Yes, I had thought of this as well. Putting the wort into jars immediately after the mash probably isn't the best plan if you just seal it up and hope for the best. There are a few options here. First is the way I'm going to go, which is to pasteurize in my dishwasher (it has a sanitize setting on it and has pasteurized soda in the past with zero issues). The other alternative is to simply freeze it. Or pasteurize and then freeze if you want. I may or may not freeze either way, but I will certainly pasteurize.

Edit:  Thanks to /u/testingapril and /u/professorheartcraft
The only safe way to do this is going to be pressure canning. No problem for me. I'll be doing this, as it is easily done inexpensively for me.

Testingapril mentioned botulism. I was not previously aware that this was a thing, and today I learned. While it may not actually happen in a way that is dangerous to me, I don't think it's worthwhile to forego canning simply because I need to get a canner. It's useful for other things too, so why not? I was previously resistant to the idea, but I can't justify it if there is any actual risk.

But wait, THERES MORE!

More?! Yes. More. The number one thing that people whine about is needing to worry about boilovers from adding DME. I simply won't boil. Why would I want to boil starter wort, when its already been pasteurized anyway? Simply add to the flask at room temperature, add yeast and start spinning. No muss no fuss.

DMS?

Most of the starter beer will simply be decanted prior to pitching, so frankly I'm not concerned about that. If someone can point me to actual science that states what I'm doing will destroy my beer, I will of course reconsider. I could simply pull the wort off towards the end of the boil, that would work as well. But I do not believe this will actually be necessary. Time will tell, and if I taste a problem I will certainly look to this as a potential culprit. But again, I do not see this as being an issue.


Below is my story of my first real wort starter, and part of my inspiration for my current proposed process above. Could have made this its own post, but I think it fits well here too:


On 8/3 I brewed what will likely be an interesting beer, and this is when I first made a "real" wort starter.

The recipe:
6lbs 2row
4lbs pilsner
3lbs rye
1lb C40

.5oz Galena @60

WLP300 stressed to produce banana esters.

The problem. I had originally planned on only having the 6lbs 2row, 3lbs rye and 1lb C40 for this brew. The 4lbs of pilsner malt added at the last second pushed the OG from ~1.050 to what wound up being 1.070. Volume from 5 to 6 gallons as well, so it could have been an even higher gravity.

Now above when I say "WLP300 stressed to produce banana esters," what I mean is a 20% underpitch, a warmer fermentation temperature, and hoping for the best. I plan to modify this recipe further towards my final goal of a banana bread beer, but in the meantime I'm experimenting to see what happens when I do X vs. Y, basically.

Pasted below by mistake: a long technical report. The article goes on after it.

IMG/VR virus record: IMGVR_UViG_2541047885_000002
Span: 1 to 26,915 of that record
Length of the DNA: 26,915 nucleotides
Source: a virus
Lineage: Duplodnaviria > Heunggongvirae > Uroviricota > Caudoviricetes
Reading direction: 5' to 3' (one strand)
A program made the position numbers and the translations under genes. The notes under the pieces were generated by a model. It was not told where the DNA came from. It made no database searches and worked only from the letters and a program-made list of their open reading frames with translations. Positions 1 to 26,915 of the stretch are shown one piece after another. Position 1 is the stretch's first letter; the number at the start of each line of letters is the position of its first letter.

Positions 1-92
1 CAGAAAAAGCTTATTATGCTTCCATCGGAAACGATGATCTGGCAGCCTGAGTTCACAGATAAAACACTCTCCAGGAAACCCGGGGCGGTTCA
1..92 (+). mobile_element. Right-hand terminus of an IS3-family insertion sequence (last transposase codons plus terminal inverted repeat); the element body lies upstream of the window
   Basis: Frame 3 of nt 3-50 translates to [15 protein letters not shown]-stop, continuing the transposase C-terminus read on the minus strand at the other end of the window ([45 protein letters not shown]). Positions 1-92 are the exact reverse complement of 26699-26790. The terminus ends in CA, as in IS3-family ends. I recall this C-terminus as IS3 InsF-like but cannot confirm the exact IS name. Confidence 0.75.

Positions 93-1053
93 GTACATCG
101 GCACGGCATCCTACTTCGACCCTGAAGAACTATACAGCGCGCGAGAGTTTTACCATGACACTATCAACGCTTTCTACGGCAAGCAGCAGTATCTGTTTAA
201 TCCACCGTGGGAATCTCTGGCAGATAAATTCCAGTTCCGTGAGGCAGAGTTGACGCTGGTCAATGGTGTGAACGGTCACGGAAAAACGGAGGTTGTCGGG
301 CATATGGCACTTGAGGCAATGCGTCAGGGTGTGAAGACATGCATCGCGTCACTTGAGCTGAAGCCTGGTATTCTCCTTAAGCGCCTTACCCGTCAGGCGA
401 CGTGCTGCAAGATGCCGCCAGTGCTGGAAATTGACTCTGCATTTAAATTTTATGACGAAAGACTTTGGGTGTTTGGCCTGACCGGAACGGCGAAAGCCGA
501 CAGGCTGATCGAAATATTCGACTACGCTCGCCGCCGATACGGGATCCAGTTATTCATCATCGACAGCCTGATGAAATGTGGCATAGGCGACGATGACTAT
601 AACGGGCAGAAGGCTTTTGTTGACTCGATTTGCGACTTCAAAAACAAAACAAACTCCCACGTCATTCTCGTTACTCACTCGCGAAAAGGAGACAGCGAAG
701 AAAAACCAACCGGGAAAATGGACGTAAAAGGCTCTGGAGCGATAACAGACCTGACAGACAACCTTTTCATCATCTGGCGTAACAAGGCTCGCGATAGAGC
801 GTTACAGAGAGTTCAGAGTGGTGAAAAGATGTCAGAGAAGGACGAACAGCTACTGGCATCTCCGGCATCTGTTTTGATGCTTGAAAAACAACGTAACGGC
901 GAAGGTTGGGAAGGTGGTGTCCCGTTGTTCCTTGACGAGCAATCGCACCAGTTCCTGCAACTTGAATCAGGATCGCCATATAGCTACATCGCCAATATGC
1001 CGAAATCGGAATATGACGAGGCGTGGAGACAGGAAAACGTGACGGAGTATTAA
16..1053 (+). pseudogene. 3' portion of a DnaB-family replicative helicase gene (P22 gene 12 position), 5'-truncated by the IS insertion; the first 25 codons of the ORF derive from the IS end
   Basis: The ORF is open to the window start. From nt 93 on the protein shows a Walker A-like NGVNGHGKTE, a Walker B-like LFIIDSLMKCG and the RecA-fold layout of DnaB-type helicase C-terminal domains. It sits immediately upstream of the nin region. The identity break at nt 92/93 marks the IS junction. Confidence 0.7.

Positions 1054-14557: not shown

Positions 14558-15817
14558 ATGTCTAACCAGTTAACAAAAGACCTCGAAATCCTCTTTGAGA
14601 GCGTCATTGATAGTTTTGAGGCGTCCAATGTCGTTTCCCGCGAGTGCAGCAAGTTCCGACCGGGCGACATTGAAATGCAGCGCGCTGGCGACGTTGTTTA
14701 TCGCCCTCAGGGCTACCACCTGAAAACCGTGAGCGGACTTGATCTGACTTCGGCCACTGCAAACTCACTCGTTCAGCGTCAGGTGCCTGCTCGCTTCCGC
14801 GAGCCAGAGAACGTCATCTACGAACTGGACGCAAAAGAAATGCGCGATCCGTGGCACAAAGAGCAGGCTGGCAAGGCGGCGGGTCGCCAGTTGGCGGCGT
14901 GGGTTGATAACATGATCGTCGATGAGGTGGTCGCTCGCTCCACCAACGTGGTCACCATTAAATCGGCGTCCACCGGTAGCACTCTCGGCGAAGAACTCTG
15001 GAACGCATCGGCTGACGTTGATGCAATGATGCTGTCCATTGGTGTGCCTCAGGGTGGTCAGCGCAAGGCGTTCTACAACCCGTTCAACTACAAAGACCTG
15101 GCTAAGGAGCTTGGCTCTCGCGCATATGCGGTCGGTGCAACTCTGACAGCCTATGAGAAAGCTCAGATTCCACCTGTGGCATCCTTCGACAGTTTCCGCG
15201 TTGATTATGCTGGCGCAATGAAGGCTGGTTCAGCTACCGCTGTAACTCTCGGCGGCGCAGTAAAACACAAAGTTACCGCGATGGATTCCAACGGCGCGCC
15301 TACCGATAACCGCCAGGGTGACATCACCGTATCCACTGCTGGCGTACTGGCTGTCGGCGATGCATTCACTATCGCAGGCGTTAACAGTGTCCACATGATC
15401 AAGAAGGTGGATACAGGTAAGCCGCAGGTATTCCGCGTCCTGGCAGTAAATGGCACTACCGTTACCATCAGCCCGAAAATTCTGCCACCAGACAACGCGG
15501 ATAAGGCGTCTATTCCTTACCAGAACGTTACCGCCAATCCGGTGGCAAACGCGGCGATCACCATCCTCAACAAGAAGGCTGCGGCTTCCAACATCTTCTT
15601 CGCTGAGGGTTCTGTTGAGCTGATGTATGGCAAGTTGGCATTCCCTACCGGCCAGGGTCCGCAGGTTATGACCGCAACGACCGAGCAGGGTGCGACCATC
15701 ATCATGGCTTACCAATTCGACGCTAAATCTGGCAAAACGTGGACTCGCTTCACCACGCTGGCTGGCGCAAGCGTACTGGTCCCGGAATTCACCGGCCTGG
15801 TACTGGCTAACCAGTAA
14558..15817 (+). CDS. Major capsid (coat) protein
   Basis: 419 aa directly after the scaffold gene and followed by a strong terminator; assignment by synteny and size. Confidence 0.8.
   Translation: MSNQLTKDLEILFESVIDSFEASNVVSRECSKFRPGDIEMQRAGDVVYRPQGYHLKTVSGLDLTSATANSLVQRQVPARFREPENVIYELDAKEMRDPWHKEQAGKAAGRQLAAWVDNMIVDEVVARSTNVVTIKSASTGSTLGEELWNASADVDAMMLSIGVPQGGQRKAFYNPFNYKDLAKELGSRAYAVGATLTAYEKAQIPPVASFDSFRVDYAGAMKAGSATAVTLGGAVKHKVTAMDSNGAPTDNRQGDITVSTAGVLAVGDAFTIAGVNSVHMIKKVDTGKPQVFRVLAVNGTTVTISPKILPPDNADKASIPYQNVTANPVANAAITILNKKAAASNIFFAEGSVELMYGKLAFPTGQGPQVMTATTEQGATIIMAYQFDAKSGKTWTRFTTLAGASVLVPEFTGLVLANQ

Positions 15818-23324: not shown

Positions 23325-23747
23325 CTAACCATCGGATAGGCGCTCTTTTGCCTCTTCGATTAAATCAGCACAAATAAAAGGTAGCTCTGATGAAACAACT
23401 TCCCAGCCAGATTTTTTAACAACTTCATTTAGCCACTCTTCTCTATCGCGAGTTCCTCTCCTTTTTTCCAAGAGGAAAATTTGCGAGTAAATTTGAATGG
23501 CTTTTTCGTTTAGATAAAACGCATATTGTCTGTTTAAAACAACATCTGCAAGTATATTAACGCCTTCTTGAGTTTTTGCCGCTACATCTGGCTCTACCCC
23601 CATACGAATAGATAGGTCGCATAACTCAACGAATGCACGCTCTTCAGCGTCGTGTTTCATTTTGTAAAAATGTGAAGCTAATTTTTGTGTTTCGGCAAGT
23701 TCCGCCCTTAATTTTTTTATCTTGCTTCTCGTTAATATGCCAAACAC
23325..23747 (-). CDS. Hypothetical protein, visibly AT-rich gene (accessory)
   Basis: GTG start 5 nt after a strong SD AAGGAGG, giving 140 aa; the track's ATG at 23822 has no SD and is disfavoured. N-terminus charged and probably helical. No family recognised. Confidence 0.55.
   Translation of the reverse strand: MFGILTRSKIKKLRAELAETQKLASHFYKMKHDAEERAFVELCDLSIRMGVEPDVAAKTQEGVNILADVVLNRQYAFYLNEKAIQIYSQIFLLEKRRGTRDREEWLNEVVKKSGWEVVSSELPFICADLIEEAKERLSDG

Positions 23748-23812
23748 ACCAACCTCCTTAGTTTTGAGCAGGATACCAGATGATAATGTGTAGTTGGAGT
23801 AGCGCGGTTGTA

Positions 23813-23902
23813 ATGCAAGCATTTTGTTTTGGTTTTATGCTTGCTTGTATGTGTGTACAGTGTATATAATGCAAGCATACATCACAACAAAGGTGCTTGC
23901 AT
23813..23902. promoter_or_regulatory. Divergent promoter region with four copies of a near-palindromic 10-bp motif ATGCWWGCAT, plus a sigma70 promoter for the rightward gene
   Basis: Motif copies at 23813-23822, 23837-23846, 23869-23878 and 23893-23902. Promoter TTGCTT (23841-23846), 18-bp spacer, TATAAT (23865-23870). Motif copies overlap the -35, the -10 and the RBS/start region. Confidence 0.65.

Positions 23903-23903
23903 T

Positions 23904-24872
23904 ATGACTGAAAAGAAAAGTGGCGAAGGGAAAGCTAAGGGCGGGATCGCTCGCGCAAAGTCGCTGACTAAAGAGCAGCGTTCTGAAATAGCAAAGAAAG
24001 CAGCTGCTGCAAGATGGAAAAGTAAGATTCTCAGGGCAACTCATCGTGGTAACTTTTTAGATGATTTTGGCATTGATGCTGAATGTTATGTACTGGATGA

So. You see my problem, yes? I had originally planned on a ~1.050 OG 20% underpitch which happily enough came in at a .5L starter. Hooray!

But if I did a .5L starter into 1.070 wort, I'm looking at a ~40% underpitch. Little more than I'm comfortable with, frankly. So. What to do?

Idea!

Finish my mashing and sparging, pop the kettle onto the stove and let it boil for a few minutes. Draw off boiled wort, dilute to starter temps and build up the starter overnight! I can just pitch in the morning, won't hurt anything.

Long story short, that worked awesomely and that beer is currently fermenting away like crazy. Glad I used a blowoff, though at 6 instead of 5 gallons and 1.070 instead of 1.050, if you don't use a blowoff I think you've got some mental deficiency going on.

Friday, August 8, 2014

Mash-In-A-Bag

So after posting my Custom BIAB Review, I realized (and got several questions about) that not many people mash in a bag, in a cooler.



So I got to thinking and I'd really like opinions on this, but why not?

Higher efficiency through super fine crush. I mill my own grain and have it set to .032 and double mill. Around 75-80% efficiency depending on grist, though I've hit 86% once on a super simple brew.

Zero fear of stuck anything because nothing gets out of the bag except for some very fine particles. And wort. Lots of delicious tasty wort.

Speaking of nothing getting out of the bag except wort. The vorlauf process is stupid easy, because even the first runnings will run clear when I open it full blast after about a second. I batch sparge and the second runnings are clear after about the same amount of time, one second on full blast.